Clay Moss 13 June 2014

Commander in Chief

In 1776 Congress conferred upon General George Washington the title "Commander-in-Chief of the Armies of the United States" so as to uniquely identify him. No insignia or flag were authorized.

Washington only ever wore three silver six-pointed stars as an insignia of grade and a light blue ribbon/sash diagonally across his chest indicating his status as Commander-in-Chief of the Continental Army. His flags as C-I-C were all blue of varying shades with 13 six-pointed stars arranged either 3-2-3-2-3, 4-5-4, or in a circle. There is a surviving flag in Valley Forge which is claimed to be Washington's command flag with the star arranged 3-2-3-2-3. The other arrangements are from period paintings.
James J. Ferrigan III, 21 December 2000

[Flag of General Washington] image located by Dave Fowler, 20 January 2021

The Commander-in-Chief's Guard (A Company, 4th Battalion, 3d Infantry Regiment) carries a different version of this flag, while decked out in colonial uniforms. It is a light blue flag with a ring of 13 6-pointed stats. It was carried in both a large and smaller versions at the inaugural pass in review today, but has been in use for awhile. (Picture from the web.)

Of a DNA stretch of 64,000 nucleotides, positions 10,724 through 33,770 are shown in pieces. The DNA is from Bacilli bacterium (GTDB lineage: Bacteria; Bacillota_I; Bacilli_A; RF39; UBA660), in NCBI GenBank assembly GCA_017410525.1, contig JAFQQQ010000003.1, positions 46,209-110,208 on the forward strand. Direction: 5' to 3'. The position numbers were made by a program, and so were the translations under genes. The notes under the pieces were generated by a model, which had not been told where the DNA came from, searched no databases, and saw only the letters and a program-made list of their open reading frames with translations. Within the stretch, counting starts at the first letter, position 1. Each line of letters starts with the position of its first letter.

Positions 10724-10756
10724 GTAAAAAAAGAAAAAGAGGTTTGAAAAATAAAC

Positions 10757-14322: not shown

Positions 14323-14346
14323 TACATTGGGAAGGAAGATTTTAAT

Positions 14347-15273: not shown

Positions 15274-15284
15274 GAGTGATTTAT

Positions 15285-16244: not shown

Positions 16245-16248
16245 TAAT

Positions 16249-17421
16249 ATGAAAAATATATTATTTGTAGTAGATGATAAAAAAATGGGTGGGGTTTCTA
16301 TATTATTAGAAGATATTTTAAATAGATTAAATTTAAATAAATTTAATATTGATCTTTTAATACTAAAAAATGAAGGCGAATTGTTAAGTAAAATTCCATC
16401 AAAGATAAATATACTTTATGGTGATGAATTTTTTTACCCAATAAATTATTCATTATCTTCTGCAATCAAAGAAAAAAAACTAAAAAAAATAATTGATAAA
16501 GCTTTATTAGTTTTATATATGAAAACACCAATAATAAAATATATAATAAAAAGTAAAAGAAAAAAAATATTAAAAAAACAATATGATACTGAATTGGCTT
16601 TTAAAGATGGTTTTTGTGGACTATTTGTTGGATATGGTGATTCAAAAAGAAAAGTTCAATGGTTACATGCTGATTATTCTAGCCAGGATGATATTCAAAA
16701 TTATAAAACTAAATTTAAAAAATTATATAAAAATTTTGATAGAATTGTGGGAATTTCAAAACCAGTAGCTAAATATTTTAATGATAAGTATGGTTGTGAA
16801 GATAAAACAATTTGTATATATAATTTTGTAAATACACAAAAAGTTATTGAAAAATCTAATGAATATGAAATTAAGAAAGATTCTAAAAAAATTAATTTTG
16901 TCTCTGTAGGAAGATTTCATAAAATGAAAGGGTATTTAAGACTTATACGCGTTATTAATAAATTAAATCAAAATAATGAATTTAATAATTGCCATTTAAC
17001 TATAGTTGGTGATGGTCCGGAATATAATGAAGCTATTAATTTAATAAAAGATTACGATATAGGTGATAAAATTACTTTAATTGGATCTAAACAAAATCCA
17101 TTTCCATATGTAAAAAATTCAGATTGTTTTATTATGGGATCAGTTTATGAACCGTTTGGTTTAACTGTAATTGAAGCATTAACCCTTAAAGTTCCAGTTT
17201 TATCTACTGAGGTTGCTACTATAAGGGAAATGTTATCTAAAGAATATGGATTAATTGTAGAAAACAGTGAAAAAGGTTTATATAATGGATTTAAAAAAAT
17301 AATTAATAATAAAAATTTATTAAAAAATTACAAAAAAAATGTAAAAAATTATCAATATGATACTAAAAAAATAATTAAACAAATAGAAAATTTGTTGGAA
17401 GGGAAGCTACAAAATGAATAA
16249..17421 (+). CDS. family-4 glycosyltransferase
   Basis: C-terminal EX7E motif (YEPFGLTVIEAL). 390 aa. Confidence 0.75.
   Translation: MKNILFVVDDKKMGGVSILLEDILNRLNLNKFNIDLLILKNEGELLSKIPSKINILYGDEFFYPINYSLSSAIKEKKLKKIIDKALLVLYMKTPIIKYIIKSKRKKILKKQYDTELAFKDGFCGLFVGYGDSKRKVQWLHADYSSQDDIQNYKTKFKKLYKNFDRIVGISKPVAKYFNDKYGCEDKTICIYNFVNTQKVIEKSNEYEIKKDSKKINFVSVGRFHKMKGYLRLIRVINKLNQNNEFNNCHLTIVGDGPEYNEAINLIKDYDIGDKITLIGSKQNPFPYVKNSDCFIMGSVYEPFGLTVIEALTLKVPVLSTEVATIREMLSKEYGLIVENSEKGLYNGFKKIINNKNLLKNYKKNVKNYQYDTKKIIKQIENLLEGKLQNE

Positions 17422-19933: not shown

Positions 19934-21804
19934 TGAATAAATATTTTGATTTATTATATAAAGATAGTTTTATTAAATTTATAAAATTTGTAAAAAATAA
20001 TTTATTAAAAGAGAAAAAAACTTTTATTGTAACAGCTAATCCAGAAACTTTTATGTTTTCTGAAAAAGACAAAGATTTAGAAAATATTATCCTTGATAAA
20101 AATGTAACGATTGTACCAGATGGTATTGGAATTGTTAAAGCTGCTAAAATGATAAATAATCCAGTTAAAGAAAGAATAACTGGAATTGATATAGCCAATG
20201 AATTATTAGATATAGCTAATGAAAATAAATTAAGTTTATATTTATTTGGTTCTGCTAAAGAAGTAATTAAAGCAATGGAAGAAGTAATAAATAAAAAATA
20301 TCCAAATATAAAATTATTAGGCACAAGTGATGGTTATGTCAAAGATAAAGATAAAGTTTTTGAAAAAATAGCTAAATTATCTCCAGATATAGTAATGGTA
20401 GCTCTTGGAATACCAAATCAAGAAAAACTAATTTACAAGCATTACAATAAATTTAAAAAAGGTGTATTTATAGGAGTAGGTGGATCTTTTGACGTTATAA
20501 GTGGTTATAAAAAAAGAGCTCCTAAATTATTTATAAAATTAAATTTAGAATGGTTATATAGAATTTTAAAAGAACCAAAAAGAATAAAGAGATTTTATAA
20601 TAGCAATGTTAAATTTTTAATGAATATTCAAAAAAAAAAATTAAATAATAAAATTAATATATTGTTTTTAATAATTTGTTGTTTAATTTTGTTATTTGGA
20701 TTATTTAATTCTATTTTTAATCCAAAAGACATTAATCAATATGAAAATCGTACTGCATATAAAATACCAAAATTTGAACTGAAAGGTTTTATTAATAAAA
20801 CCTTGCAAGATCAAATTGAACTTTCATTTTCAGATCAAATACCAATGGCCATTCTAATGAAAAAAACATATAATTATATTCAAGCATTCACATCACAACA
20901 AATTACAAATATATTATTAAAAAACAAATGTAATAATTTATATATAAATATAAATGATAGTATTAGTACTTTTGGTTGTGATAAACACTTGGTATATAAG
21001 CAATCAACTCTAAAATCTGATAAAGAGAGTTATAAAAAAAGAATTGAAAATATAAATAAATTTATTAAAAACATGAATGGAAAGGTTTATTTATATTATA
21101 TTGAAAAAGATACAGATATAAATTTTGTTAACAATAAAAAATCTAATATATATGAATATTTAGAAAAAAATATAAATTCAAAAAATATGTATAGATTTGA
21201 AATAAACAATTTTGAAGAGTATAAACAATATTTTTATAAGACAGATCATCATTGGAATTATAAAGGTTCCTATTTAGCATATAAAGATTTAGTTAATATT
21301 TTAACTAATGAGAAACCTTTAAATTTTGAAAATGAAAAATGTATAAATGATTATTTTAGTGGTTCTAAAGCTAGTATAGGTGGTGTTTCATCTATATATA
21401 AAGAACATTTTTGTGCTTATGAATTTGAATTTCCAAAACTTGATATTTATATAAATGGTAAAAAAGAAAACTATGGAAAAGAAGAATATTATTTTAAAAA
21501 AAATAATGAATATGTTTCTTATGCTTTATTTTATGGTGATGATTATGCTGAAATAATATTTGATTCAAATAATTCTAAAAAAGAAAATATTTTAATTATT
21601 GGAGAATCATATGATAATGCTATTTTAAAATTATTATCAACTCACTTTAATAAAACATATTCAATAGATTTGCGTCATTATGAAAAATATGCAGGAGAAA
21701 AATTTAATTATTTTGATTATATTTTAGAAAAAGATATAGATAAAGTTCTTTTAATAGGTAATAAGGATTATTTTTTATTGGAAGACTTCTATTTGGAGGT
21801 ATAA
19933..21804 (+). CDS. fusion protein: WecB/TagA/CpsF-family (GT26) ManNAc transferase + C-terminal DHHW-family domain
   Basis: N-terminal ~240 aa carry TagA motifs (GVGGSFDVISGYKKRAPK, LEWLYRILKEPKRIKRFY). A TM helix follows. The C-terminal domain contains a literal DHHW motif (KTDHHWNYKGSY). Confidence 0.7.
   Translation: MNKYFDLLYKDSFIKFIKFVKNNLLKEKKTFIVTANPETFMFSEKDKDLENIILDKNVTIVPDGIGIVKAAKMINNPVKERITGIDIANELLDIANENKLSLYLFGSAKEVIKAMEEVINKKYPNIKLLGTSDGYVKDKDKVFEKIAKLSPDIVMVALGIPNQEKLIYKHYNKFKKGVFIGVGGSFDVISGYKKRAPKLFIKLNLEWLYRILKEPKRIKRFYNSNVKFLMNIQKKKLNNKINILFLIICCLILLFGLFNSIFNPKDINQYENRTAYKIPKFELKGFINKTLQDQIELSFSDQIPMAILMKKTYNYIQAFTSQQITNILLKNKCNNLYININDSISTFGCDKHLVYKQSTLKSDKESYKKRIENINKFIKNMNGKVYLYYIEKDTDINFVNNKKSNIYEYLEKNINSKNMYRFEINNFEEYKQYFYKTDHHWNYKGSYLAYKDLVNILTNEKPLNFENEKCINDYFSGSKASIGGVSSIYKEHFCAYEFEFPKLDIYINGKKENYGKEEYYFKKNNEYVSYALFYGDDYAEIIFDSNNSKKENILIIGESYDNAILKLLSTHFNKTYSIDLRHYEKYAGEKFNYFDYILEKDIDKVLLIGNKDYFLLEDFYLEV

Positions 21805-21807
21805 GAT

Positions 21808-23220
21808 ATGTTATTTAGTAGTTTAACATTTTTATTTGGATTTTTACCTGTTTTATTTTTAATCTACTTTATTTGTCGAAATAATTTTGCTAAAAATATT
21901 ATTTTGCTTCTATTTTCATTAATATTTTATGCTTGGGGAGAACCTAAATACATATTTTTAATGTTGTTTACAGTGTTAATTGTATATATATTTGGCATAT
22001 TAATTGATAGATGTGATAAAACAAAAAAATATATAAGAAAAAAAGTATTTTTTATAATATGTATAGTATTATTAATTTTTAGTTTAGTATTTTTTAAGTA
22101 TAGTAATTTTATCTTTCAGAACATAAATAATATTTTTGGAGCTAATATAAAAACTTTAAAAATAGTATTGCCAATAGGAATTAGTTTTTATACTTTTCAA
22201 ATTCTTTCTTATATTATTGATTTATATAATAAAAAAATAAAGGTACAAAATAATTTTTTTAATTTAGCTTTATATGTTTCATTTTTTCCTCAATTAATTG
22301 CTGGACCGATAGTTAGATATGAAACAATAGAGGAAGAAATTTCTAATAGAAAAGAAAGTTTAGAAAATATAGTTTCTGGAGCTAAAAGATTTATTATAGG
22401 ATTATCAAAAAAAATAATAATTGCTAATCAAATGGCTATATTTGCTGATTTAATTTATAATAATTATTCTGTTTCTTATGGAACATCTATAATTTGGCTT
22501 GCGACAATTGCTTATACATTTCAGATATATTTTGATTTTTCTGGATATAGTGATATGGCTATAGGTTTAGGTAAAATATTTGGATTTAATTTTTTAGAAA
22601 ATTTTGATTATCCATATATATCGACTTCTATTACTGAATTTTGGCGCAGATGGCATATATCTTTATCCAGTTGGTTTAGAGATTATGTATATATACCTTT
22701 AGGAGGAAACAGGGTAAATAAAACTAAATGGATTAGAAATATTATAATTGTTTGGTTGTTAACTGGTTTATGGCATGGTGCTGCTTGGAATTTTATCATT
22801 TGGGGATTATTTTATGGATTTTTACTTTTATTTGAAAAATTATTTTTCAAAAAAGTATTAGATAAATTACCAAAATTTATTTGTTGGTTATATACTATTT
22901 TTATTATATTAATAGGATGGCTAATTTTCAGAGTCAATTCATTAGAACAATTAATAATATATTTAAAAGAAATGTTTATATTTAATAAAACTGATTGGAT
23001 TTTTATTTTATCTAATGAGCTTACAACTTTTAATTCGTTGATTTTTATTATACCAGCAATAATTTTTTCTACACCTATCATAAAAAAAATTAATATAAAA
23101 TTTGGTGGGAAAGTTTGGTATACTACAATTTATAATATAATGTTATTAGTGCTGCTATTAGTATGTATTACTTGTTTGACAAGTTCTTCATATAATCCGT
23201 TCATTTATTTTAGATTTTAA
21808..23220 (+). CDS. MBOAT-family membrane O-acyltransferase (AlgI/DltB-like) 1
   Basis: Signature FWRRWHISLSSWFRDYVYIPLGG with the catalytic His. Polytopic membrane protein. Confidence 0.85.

Dave Fowler, 20 January 2021

Actually a canton?

The original flag is silk and measures about 27.5"x 35.5" (70cm x 90cm) which right there raises my suspicion: an odd size and certainly not regulation in any way for any kind of military flag. Of course, as the proponents point out, there was a lot of variation in sizes at the time. Still, one would think Washington of all people would pay more attention to such things. There is also no evidence of any fringe, which in my opinion would likely have adorned the Commander-in-chief's standard (see "Washington's Life Guard Standard", below).

The stars are also silk and appliqued on to one side with the back cut away and stitched in such a way as making the stars smaller on the other side. One would think Washington would have a flag that was painted or embroidered in a much richer fashion, but that is not necessarily so say the proponents.

A linen header is sewn to the hoist. Military flags do not usually have a header of a material different from the body of the field. Most unusual. Some claim it matches the materials of Washington's tent. Maybe so, but all nautical flags at the time had headers that were made of similar stuff; are these Washington's too?